Research Article

Structure of the human PKD1-PKD2 complex

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Science  07 Sep 2018:
Vol. 361, Issue 6406, eaat9819
DOI: 10.1126/science.aat9819

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A complex implicated in kidney health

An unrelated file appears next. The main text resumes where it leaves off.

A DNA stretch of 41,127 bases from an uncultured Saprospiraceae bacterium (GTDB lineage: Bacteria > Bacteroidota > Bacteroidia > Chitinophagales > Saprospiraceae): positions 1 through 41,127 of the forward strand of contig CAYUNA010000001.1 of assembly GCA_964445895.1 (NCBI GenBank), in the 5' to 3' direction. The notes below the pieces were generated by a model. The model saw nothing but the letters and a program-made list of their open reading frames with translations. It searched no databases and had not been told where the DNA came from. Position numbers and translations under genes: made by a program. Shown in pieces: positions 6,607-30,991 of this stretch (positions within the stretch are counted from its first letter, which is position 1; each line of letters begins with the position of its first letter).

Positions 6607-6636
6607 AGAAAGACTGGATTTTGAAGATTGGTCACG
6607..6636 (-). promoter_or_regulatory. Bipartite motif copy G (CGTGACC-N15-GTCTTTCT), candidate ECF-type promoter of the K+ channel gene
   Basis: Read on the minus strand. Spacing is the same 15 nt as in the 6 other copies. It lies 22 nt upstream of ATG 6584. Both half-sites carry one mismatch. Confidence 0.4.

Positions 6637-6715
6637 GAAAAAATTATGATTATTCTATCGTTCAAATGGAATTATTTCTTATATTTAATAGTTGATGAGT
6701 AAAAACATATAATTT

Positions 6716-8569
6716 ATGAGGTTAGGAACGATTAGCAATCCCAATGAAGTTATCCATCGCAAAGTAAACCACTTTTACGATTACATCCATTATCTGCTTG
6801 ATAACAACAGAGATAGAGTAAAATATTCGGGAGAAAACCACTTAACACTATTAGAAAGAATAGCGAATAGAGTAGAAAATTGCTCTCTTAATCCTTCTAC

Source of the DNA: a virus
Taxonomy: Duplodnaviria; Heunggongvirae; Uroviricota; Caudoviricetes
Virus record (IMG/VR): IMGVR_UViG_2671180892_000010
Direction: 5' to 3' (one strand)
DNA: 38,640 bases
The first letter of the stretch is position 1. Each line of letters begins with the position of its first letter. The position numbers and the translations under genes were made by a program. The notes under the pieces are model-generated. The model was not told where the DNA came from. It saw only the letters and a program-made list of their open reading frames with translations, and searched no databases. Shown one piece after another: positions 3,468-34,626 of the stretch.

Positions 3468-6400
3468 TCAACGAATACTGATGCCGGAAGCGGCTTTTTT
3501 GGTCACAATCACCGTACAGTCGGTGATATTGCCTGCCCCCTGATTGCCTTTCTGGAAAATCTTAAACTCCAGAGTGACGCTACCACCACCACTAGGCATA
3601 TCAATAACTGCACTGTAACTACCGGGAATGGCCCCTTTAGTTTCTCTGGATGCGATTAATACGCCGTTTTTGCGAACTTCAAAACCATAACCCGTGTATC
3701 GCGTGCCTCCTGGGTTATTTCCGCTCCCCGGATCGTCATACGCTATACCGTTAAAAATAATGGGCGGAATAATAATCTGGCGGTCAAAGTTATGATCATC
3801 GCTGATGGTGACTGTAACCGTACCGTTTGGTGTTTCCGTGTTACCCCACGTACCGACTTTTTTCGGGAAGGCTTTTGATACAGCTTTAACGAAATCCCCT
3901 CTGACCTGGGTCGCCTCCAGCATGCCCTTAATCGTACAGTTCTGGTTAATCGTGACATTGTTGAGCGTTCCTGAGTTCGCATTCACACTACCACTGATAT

Autosomal dominant polycystic kidney disease (ADPKD) is a common genetic disease that can lead to kidney failure. Mutations in the proteins PKD1 and PKD2 are linked to the disease, but the function of these proteins remains unclear, both in physiology and disease. PKD1 has been implicated in the sensing of chemical and mechanical force stimuli, and PKD2 is proposed to be a calcium ion channel. Su et al. show that the transmembrane regions form a PKD1-PKD2 complex assembled in a 1:3 ratio. Their high-resolution cryo–electron microscopy structure confirms that the complex adopts transient receptor potential channel architecture, with some distinctive features. Mapping disease-causing mutations onto the structure suggests that pathogenesis may come from incorrect folding or trafficking of the complex rather than from disruption of channel activity.

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